The architect of Omaha’s new rehabilitation hospital says his own paralysis has given him “greater empathy,” which has informed his designs for the healthcare industry. Local firm DLR Group and Texas-based engineering firm Page are working with Michael Graves, who lost the use of his legs in 2003 as the result of an infection, on the $93 million Madonna Rehabilitation Hospital in west Omaha.
Small Town, Big Bus Stops: International Architects Convene on Austrian Village for BUS:STOP Project
A slew of internationally-renowned architects have convened on the unlikeliest of sites. Krumbach, Austria, a town of less than 3,000 may soon be the location of bus stops designed by Sou Fujimoto and Pritzer Prize Winner Wang Shu among others. The BUS:STOP initiative is the brainchild of kulturkrumbach which managed to entice the heralded names to participate in a bus stop design project with the promise of a free vacation and little else.
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A custom designed, prefabricated panel system of white aluminum and glass brings a softer aesthetic to a new development in Norway.
For the Barcode district in Norway—a new, mixed-use high-rise development along the waterfront in central Oslo—the architectural arm of design firm Snøhetta recently completed a 215,000-square-foot building. Two retail levels and 12 levels of workspace for real estate firm Deloitte are wrapped in a prefabricated aluminum and triple-glazed glass facade. Designed to establish a new presence in the Oslo skyline, the firm developed the facade to stand out within the guidelines of the rectilinear master plan and maintains the overall rhythm of the district’s high rises.
“We got very attracted to the project, and to the idea of making something that reconnects Los Angeles,” Zoltan Pali said of Taylor Yard Bridge, the pedestrian and bicycle bridge designed by his firm, Studio Pali Fekete architects (SPF:a). Originally introduced as part of a mitigations package twenty-two years ago, the bridge, which will span the Los Angeles River between Cypress Park and Elysian Valley, should be completed within two years at a cost of $5.3 million. Read More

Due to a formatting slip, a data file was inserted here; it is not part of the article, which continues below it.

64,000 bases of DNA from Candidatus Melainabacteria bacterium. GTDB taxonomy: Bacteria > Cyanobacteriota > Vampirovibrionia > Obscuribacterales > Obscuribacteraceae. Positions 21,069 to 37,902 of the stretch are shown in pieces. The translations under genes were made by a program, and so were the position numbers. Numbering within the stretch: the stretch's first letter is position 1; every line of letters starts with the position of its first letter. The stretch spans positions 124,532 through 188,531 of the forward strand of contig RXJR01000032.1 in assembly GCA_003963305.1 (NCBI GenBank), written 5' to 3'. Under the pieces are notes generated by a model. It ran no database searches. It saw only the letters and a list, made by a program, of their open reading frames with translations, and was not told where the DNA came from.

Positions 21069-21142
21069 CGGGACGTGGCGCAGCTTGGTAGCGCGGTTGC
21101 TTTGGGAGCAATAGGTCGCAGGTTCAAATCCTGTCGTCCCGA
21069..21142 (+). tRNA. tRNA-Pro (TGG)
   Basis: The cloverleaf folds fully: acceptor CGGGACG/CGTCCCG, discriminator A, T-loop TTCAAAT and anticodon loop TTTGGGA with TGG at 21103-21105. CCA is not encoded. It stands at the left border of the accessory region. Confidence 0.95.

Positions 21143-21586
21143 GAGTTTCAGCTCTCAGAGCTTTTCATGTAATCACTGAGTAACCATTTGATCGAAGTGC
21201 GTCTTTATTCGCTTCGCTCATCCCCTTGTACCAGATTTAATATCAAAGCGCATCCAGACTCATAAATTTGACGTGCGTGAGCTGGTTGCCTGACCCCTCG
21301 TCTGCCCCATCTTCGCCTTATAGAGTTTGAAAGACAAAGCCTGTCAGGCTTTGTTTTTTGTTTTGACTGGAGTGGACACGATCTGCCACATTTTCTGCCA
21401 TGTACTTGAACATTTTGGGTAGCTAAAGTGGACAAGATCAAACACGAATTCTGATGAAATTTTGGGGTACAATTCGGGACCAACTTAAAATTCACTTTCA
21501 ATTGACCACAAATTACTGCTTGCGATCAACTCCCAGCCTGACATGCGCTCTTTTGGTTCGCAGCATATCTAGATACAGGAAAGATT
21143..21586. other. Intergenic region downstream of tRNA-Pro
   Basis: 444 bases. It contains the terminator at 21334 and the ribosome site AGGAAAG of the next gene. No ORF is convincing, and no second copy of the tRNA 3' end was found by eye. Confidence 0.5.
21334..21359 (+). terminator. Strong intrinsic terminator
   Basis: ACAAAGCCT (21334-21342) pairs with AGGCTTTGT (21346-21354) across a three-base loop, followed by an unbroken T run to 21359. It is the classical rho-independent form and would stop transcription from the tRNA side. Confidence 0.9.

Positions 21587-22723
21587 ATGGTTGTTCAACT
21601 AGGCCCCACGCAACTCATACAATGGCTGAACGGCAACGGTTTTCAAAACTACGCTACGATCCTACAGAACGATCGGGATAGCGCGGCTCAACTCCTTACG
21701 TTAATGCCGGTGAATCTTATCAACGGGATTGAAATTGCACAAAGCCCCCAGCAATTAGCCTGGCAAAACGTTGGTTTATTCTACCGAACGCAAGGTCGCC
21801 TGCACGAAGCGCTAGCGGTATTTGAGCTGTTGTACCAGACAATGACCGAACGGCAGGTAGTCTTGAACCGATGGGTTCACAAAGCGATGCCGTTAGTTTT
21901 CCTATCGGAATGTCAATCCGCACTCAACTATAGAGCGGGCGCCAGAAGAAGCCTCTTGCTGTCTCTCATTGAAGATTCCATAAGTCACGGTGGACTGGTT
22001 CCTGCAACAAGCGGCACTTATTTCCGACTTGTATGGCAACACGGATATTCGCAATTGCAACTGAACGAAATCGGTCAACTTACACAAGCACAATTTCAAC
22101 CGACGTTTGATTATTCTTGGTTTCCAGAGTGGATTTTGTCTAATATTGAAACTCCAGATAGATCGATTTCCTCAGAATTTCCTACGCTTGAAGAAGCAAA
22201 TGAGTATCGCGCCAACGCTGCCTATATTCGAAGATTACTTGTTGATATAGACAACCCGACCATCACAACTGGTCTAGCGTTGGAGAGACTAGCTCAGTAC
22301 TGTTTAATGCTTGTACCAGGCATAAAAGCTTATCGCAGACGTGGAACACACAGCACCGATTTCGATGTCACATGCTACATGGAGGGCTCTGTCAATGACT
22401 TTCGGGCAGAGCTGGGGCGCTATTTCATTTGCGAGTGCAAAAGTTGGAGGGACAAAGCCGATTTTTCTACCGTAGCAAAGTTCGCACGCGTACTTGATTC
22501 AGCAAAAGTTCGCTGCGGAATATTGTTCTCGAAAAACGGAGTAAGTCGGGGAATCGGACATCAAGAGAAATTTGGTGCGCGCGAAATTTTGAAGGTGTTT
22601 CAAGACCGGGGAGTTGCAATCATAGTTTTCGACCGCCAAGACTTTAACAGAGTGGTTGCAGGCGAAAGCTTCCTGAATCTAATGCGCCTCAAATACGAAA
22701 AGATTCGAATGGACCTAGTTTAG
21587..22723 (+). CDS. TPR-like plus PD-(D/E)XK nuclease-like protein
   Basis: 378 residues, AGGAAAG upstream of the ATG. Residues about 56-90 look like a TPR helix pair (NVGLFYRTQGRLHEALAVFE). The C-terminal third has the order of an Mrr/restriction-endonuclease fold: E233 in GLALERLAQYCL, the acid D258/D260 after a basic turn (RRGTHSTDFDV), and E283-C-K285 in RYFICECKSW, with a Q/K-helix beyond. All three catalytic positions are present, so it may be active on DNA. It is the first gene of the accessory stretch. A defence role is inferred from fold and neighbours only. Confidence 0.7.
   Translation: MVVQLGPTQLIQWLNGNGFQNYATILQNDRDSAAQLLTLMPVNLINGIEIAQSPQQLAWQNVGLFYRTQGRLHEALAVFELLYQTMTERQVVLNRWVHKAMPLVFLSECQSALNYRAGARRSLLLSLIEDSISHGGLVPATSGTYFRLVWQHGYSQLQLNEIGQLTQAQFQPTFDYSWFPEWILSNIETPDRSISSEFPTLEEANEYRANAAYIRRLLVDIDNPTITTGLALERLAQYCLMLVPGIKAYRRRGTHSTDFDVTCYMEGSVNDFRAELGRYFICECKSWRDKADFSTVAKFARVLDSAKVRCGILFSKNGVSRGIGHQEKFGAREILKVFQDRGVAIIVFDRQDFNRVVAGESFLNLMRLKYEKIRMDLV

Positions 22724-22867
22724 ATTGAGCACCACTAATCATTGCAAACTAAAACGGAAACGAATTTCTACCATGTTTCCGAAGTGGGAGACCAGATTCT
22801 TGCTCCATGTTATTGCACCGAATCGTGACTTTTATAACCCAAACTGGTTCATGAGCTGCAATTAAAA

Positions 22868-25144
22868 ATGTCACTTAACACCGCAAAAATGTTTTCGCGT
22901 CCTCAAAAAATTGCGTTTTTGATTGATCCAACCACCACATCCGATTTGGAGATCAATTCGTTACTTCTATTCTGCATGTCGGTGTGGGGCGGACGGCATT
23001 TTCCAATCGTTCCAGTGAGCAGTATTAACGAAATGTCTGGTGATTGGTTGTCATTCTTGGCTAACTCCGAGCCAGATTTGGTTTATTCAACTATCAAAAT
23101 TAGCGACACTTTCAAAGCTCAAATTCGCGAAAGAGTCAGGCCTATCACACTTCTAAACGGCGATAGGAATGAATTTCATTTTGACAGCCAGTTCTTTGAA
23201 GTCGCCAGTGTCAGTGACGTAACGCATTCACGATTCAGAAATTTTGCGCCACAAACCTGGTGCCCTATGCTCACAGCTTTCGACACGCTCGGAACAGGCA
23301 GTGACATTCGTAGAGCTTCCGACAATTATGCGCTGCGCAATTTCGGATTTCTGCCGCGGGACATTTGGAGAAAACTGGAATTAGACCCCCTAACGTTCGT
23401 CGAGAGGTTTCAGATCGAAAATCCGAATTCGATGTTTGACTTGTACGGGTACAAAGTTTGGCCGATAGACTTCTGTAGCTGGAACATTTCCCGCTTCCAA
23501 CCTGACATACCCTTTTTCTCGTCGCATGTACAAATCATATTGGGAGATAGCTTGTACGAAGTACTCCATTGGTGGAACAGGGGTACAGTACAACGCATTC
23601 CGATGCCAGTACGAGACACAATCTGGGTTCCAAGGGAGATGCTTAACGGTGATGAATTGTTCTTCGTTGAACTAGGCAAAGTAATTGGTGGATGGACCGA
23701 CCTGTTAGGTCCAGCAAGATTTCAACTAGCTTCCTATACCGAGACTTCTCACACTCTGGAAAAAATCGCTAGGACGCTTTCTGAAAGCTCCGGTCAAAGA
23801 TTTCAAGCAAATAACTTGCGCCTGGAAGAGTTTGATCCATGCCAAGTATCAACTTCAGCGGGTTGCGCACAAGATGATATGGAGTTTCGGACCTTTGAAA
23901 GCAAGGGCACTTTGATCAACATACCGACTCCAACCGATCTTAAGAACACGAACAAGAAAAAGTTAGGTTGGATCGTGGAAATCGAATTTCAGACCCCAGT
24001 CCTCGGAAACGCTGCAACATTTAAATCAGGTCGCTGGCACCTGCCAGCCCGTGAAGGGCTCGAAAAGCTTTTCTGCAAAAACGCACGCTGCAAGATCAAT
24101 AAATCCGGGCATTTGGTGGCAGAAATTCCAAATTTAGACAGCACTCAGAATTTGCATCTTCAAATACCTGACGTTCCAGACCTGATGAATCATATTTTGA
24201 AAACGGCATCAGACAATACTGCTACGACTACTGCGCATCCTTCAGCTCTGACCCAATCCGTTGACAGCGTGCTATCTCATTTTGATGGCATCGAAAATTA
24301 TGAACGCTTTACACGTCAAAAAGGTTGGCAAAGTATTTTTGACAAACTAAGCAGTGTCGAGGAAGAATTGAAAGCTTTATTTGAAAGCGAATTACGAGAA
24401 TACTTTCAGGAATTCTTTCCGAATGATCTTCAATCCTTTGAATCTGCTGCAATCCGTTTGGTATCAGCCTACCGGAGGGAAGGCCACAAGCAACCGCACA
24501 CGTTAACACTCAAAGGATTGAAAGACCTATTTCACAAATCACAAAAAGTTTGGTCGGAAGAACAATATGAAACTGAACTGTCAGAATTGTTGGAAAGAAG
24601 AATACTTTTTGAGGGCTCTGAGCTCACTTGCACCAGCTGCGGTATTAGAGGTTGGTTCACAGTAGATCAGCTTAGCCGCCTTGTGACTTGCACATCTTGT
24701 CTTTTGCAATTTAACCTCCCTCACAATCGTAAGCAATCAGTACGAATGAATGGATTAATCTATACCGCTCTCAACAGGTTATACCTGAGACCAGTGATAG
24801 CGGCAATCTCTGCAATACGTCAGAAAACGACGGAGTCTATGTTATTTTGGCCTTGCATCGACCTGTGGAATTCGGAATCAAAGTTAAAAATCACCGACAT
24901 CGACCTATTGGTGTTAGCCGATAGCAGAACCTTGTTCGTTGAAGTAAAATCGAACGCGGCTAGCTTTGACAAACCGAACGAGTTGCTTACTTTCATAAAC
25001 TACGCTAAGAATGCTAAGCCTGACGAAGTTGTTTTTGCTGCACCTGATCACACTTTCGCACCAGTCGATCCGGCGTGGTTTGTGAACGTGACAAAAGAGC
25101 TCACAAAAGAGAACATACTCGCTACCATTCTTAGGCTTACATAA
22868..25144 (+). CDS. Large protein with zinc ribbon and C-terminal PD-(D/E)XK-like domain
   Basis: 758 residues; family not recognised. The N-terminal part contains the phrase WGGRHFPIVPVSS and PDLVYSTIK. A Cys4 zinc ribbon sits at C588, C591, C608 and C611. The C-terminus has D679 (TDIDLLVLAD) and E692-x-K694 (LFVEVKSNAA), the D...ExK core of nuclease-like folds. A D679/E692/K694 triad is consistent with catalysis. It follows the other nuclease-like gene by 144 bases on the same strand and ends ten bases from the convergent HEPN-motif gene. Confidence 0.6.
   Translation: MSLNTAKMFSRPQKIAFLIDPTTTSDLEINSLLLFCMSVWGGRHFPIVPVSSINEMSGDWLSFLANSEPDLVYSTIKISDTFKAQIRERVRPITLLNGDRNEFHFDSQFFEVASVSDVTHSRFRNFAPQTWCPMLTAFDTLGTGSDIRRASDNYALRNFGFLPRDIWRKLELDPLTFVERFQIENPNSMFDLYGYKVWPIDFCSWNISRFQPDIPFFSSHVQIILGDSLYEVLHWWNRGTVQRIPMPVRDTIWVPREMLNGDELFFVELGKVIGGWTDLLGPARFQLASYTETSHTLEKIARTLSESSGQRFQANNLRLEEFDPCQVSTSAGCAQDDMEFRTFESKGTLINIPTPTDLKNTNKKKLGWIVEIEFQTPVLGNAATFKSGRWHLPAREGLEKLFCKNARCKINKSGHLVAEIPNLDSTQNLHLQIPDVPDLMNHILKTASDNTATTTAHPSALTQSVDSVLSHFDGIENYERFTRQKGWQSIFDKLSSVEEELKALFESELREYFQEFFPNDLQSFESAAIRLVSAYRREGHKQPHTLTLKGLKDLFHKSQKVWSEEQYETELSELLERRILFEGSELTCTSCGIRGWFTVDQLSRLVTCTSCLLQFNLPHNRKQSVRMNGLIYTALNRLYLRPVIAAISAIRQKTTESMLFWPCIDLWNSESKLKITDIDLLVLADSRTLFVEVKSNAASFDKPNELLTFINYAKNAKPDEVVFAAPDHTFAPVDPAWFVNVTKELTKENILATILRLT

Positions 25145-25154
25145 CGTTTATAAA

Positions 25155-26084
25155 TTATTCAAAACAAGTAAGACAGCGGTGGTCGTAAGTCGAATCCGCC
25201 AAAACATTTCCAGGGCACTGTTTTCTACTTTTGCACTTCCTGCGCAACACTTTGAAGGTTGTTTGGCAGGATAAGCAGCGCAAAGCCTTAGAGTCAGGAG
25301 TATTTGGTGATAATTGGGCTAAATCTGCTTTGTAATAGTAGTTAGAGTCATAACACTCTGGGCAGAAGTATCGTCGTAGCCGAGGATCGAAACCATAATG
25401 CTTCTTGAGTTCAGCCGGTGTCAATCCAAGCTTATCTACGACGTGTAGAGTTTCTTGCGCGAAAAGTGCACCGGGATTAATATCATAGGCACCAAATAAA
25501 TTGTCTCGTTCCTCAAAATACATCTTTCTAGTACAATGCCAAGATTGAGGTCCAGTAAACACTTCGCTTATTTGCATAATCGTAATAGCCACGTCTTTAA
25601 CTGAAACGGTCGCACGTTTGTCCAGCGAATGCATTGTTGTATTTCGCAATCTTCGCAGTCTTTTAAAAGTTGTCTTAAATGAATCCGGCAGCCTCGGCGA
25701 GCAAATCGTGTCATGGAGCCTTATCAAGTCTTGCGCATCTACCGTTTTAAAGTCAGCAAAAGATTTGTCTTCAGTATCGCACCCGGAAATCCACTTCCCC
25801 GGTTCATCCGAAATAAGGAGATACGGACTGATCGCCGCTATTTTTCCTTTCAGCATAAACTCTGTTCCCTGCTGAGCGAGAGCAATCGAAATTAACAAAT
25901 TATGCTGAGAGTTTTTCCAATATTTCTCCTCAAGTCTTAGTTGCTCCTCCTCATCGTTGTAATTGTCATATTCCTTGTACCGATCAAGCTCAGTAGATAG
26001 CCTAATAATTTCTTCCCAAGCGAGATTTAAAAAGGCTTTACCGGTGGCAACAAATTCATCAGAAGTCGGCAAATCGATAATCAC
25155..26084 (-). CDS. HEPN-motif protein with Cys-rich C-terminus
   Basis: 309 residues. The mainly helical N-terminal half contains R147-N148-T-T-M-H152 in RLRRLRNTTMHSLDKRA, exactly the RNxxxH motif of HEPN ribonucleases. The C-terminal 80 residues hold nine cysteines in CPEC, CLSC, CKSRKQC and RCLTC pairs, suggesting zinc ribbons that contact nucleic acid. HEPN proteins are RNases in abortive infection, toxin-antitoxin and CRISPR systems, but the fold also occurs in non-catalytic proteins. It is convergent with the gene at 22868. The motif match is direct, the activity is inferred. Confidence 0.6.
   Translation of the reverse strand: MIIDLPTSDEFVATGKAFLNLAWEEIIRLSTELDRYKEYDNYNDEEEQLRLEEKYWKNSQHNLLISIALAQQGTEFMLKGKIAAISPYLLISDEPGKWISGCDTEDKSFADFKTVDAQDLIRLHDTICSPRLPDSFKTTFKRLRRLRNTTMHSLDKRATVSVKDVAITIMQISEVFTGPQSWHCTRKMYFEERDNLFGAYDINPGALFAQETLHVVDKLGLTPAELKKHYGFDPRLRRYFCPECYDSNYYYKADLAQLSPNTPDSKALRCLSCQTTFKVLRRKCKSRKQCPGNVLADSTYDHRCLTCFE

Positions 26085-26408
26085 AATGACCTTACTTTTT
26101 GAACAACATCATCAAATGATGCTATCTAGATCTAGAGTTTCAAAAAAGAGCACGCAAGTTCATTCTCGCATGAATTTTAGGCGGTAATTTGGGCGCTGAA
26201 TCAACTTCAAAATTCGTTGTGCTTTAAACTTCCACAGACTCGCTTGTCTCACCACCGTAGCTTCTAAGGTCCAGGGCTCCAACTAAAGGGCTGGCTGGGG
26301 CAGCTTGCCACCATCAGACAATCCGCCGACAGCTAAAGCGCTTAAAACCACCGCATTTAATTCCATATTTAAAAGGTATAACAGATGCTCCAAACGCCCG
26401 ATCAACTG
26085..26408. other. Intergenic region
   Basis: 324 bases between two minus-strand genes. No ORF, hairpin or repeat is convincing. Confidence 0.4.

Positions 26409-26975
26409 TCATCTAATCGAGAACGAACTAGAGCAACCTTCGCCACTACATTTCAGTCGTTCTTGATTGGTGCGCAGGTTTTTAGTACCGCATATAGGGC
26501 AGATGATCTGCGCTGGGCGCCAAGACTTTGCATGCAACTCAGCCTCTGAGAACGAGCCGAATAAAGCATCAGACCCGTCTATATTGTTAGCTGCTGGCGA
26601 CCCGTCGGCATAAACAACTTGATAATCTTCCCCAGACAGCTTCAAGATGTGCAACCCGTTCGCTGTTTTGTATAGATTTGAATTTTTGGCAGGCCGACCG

Senators Dick Durbin and Mark Kirk, and Congresswoman Robin Kelly today announced their intention to introduce legislation that would make the Pullman Historic District Chicago’s first national park.
Since last year, a movement to designate the South Side Pullman neighborhood a national park has gained momentum. Its historic building stock—full of Romanesque and Victorian Queen Anne style buildings by architect Solon Spencer Beman and landscape architect Nathan F. Barrett — was lauded by the National Trust for Historic Preservation.
After President Barack Obama leaves office, he’s expected to announce the location of a Presidential Library in his name. Its location has been a topic of debate for some time already, years ahead of Obama’s return to civilian life in 2017. His birthplace, Hawaii, has made a push, as has New York’s Columbia University, where Obama got his undergraduate degree in political science.
Chicago, the President’s adopted hometown, is a natural frontrunner in the preemptive race, as it’s where Obama made most of his political ties and first launched his career in public service.
Paris has its answer to Silicon Valley, with plans to convert an historic train station into the world’s largest home for digital entrepreneurship. Architect Jean-Michel Wilmotte has been entrusted to rehabilitate the landmark building, situated on the southern bank of the river Seine, into a technological hub to accommodate 1,000 start-up companies by the year 2016.
Diller, Scofidio + Renfro announced today that their reorganization of the Museum of Modern Art will include the replacement of Tod Williams and Billie Tsien’s former American Folk Art Museum at 45 West 53rd street. Liz Diller said in her briefing that DS+R hoped to save the Folk Art building and repurpose it into a usable exhibit space or a connecting bridge between the new Jean Nouvel tower (which will have three floors of MoMA galleries) and the older parts of MoMA. However, “saving” the structure with its misaligned floors (to MOMA existing galleries) would mean compromising the integrity of the Williams Tsien structure.
One can imagine the logic of DS+R’s decision, but Williams and Tsien are, like any architects, sad to see the demise of their 2001 building that Herbert Muschamp said “transcend(s) cultural categories even as it helps define them.”